Trinity Western University and B.C. Law Society face off in court

A B.C. Supreme Court judge will hear arguments this week about whether future graduates of a Christian university's law school should be able to practise in the province.

At issue is covenant students have to sign that rejects same-sex marriage

The B.C. Law Society initially accredited Trinity Western University's law program, but then reversed its position. (Trinity Western University)

A B.C. Supreme Court judge will hear arguments this week about whether future graduates of a Christian university's law school should be able to practise in the province.

At issue is the covenant Trinity Western University's law students must sign, which says marital sex can only happen between men and women.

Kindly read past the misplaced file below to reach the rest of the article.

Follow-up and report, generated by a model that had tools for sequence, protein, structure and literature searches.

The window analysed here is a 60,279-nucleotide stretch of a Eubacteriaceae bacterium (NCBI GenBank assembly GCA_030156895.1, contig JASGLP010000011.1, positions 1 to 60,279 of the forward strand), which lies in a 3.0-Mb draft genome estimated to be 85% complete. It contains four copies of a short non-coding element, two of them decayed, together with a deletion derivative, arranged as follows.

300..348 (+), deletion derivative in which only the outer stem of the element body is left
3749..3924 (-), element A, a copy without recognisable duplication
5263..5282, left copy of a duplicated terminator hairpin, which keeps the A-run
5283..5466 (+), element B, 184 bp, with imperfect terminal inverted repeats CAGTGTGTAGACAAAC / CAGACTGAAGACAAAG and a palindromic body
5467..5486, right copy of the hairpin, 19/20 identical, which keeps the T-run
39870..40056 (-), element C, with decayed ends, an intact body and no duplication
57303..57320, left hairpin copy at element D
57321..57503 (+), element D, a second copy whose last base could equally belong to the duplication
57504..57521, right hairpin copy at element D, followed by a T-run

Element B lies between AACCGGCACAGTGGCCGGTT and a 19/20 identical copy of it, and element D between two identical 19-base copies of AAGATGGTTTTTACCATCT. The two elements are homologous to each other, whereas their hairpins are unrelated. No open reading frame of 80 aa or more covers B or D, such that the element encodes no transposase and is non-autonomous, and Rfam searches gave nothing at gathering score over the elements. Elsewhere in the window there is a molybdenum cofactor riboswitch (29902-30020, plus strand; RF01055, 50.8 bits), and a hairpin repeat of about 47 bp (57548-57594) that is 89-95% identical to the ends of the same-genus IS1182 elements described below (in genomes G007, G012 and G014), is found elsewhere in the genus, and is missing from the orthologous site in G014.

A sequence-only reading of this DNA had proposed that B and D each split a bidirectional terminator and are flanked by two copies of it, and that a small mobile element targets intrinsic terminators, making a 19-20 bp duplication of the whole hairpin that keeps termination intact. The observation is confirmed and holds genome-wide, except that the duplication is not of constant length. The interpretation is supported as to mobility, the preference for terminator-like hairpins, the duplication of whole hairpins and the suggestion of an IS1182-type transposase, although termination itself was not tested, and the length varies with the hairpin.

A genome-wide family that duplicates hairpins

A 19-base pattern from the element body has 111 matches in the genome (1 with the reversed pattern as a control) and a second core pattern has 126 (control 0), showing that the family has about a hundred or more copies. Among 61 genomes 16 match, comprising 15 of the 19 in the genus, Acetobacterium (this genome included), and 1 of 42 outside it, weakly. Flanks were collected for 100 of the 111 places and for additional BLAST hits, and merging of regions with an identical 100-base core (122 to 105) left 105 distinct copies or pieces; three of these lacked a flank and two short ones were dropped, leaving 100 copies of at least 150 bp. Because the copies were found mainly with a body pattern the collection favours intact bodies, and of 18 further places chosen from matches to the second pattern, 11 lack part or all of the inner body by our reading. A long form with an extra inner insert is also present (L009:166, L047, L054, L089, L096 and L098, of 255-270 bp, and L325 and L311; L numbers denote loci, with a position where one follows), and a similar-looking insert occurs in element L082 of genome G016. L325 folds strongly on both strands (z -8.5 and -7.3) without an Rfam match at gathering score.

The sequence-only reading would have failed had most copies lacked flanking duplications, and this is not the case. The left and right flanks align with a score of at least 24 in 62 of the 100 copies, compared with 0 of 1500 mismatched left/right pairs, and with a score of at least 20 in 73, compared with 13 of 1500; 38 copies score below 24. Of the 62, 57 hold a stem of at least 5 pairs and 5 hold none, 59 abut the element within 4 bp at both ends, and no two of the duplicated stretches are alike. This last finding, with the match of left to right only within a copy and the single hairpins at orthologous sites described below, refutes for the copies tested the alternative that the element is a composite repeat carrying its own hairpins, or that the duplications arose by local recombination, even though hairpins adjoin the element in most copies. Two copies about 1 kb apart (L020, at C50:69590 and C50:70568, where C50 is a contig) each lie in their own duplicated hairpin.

"It's not for everyone, but it is important for those who would like to attend such a school," said Earl Phillips, the law school's executive director.

Phillips said not allowing the accreditation of the program would be discriminatory against the school's students.

The B.C. Law Society initially accredited the program, but then reversed its position after members voted against accreditation. The judicial review is expected to last five days.

An Ontario court has already upheld the Ontario law society's refusal to accredit TWU graduates, while Nova Scotia's law society is appealing a court ruling that stopped it from denying accreditation to graduates.

The proposed law school has yet to open.

With files from Canadian Press

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